Some days you’ll have a good run, and some days you’ll have such an amazing run you feel like you could run forever. And then there are those days where you feel like you’re made of lead, and running just a mile feels like the hardest thing you’ve done in your life. And so comes the million dollar question: WHY are some runs better than others?
Change? That’s the million dollar answer to the million dollar question? Yes.
Hey, I too have good days and really, really rotten days (pretty much every run since the Rock and Roll marathon in June) where I question my ability not only as a marathon runner, but also as a runner who can even finish three miles!
But then, sometimes all it takes is a change of scenery, a few extra hours of sleep and a cool-ocean breeze to give me hope that I will someday again be able to run 26.2 miles.
A weekend spent in Hermosa Beach offered me two of the best runs I have had since long before I ran the marathon in June. I felt light on my feet, I was barely breathing hard, I felt like I could run forever, and I had no aches or pains anywhere. And so again, I asked the question, “WHY were these runs so darn good?”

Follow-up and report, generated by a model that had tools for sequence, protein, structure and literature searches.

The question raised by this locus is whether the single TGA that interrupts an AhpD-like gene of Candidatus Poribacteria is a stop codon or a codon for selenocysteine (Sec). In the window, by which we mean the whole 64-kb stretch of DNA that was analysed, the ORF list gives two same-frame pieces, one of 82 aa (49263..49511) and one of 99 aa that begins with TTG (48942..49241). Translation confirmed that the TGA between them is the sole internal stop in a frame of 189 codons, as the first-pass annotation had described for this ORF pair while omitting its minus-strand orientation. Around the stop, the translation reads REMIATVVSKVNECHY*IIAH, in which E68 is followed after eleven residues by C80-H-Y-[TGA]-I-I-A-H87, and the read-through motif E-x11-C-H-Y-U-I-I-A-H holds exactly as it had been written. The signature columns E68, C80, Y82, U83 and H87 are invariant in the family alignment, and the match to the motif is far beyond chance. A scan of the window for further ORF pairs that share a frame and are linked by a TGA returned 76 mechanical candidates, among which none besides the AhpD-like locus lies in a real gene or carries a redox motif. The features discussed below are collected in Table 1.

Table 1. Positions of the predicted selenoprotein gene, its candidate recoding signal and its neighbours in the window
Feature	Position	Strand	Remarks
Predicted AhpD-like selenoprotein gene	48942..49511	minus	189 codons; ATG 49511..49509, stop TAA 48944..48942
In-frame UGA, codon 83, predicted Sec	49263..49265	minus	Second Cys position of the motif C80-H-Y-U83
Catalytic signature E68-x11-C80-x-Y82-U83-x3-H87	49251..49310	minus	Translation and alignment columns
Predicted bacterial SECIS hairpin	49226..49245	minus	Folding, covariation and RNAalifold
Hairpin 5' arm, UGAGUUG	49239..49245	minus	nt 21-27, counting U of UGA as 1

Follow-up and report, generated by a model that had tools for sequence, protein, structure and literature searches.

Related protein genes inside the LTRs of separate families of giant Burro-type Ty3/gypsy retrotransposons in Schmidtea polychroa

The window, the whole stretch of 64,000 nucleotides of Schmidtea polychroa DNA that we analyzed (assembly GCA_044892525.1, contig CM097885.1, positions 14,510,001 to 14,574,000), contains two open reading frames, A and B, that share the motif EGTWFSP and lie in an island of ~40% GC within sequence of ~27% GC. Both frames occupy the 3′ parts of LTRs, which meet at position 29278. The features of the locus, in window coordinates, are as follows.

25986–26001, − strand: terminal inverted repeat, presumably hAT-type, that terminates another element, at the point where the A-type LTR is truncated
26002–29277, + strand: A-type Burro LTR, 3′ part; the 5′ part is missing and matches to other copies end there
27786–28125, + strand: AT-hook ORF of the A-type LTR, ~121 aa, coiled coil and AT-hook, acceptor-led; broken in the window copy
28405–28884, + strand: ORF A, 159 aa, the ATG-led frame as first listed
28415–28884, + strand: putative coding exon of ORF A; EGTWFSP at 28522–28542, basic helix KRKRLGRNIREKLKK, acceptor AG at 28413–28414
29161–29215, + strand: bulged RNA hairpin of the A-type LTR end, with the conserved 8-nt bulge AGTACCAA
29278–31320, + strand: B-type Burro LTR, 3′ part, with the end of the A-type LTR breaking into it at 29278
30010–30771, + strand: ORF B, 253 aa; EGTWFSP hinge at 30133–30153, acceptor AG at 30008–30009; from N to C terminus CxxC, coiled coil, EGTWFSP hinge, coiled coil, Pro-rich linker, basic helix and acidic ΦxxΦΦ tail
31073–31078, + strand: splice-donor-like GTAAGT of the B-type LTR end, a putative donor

Maybe it was because I was out of town? Maybe it was because I was able to sleep in? Maybe it was because of what I ate or didn’t eat right before my run? Maybe it was because I have not been running as many miles as I usually do? Maybe it was because I took a TRUE day off (meaning no yoga, no running, nothing) the day before the weekend?
I don’t know exactly which change it was or whether it was a combination of the changes, but, I do know…
Not every run will be this good, but also not every run will be bad. So next time you have a bad run, or a series of bad runs, change something: your scenery, the route, what you eat before you run, what you wear, run with someone, run with someone different, run alone, run without music, run with music, run with different music, just try something different. If what you’re doing now isn’t working, try something new. And even if you still have a crappy run, you’ll have stepped out of your comfort zone just enough to make you feel smarter and stronger, and will also give you something new to talk about to your significant other/running group/mom/child/dad/friend/co-worker.
Change IS good, I promise.
What do you do if you have a really bad run?